Health Workers And COVID-19

Government should address the worries of health workers. They are important safeguards against the deadly viral disease

Despite the high risks associated with being on the frontline of the fight against COVID-19 pandemic in the country, health workers have not been adequately motivated. Their families are at risk. They work without the essential personal protective equipment (PPE). Majority are not insured. Even more worrying, over 40 health workers have tested positive to COVID-19, according to the Minister of Health, Dr. Osagie Ehanire.

Healthcare workers have been raising the alarm that they are being exposed to the infection due to lack of PPE. In addition, many of them are not adequately trained on precautions to take while interfacing with patients coming into their hospitals at this period. We hope the authorities will look into all these issues and offer comprehensive measures that go beyond the usual tokenism.

Globally, no fewer than 30, 000 health workers have been infected by the virus through exposure to patients, while close to a thousand have lost their lives to the pandemic. Italy and Spain have reported the infection of almost 11, 000 health workers with at least 500 of them said to have died after succumbing to symptoms of the disease. In the United States also, infection and death rates among health workers treating COVID-19 patients are increasing by the day. If medical personnel in countries where they use PPE, including garments, helmets and goggles are still exposed to this disease, one can only imagine what happens within our environment.

The Nigerian Association of Resident Doctors (NARD) president, Dr. Aliyu Sokomba, has canvassed that government should make available enough PPE for their members, review their hazard allowance and provide life insurance for them. In arguing that health workers across Nigeria should be provided with PPE, Sokomba queries why emphasis is placed only on COVID-19 treatment centres without much attention to those who work at referral centres even when patients don’t just find themselves in the treatment centres. Patients, according to him, “first of all go to the referral hospitals where they are seen and evaluated. Once they are found to be positive, they are transferred to the treatment and isolated centres. So, those people that do the initial evaluation are exposed and that is what happened to health workers at hospitals in Ilorin, Benin and Lagos.”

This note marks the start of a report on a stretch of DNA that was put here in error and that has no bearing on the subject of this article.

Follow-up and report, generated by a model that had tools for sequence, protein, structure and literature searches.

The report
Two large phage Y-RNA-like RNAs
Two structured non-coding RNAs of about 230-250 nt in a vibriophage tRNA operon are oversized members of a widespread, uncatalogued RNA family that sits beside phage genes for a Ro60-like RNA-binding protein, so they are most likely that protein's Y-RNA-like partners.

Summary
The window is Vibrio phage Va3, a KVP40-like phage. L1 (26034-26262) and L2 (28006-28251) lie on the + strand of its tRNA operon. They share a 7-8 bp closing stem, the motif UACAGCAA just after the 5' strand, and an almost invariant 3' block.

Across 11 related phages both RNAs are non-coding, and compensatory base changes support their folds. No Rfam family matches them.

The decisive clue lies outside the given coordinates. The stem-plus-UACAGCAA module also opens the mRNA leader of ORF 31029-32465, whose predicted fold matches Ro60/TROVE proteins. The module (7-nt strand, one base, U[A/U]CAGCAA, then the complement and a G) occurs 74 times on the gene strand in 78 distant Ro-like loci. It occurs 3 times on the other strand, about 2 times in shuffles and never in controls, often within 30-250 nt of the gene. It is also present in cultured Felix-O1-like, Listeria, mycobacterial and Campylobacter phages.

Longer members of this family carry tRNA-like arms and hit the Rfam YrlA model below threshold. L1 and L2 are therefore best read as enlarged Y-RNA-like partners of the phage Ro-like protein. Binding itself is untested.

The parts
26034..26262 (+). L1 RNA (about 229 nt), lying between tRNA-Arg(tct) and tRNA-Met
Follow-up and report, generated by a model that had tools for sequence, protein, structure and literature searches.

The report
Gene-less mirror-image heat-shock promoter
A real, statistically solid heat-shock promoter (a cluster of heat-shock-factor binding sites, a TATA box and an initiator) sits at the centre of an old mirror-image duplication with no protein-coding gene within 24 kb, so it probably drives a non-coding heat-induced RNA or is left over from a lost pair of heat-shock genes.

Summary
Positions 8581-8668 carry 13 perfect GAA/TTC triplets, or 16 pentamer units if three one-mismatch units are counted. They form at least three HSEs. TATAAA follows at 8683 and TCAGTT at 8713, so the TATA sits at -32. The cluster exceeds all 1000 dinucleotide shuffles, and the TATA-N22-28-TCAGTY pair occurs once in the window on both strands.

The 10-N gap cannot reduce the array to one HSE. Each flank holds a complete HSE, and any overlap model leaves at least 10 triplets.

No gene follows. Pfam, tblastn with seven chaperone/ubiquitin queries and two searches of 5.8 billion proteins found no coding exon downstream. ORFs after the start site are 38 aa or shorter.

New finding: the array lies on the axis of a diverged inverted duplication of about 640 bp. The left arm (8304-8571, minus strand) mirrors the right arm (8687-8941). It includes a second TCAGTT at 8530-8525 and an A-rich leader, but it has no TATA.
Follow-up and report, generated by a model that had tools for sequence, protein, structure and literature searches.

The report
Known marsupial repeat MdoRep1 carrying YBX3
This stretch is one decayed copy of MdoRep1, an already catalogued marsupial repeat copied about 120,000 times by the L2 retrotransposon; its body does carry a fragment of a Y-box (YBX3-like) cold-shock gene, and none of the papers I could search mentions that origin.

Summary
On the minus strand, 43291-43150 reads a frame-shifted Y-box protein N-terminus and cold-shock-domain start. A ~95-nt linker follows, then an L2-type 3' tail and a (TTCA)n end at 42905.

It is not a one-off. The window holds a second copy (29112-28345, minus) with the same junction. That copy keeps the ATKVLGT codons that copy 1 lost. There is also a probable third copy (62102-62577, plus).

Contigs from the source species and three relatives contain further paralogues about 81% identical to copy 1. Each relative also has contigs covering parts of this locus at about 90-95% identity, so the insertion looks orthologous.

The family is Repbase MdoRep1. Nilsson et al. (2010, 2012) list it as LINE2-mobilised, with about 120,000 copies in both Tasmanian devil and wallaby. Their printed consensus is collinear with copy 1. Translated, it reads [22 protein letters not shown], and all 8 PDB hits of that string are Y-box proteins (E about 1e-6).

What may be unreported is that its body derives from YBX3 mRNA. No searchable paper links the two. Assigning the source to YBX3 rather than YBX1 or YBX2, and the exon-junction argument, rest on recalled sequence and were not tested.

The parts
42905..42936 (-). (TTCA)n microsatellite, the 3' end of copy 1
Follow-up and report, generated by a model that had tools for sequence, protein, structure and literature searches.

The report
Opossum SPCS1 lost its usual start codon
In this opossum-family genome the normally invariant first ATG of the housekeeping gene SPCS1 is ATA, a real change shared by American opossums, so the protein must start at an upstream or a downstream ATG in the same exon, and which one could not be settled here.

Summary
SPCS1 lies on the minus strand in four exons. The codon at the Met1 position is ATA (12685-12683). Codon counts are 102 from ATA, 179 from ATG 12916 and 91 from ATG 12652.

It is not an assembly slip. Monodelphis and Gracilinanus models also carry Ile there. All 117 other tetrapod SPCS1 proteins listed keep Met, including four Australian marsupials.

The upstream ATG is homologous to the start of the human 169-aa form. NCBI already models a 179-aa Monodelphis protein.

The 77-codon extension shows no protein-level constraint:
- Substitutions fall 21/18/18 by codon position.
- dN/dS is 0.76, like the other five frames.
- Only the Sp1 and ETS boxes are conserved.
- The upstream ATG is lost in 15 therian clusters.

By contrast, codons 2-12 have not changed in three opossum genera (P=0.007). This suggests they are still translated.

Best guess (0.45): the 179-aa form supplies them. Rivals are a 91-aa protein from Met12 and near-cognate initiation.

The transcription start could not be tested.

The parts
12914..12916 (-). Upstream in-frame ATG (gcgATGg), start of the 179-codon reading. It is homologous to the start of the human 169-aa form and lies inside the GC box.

Although the Lagos State Commissioner for Health, Prof. Akin Abayomi recently said one complete PPE costs N70, 000 and can only be worn once to an isolation ward, governments, including those in the states, must invest in this very essential commodity so that frontline workers are adequately protected. Abayomi had said: “Sometimes, a healthcare worker would need to enter an isolation ward four times in a day. Each time he or she enters, the personal protective equipment used would no longer be used; which means about N280,000 has been used in a single day by only one health worker.”

While we understand the expensive nature of PPE, no cost can be put on the lives of our health workers. Failure to invest in their protection would mean gambling with their lives and that of their family members. If they withdraw their services, we will not get the needed workforce to treat the growing spread of the virus in Nigeria. That will be dangerous for our country. In addition to the investment in PPE, workers on the frontline must be identified and motivated. They include cleaners of isolation wards, ambulance drivers, laboratory scientist taking samples, nurses and other support staff.

The Nigerian Medical Association (NMA), and other health professionals should ensure the Memorandum of Understanding between it and the federal government for various allowances and incentives is binding, in addition to the life insurance cover by the Nigerian Insurance Industry for the frontline workers on Covid-19 pandemic. The states must be brought in to collaborate and strengthen a national approach. Other African countries, including Ghana, have since concluded on this important scheme.

We must understand that how we treat the health workers, especially at this most crucial period, will either make or mar the efforts towards tackling the challenge of COVID-19 in Nigeria. We should aim to win the war.

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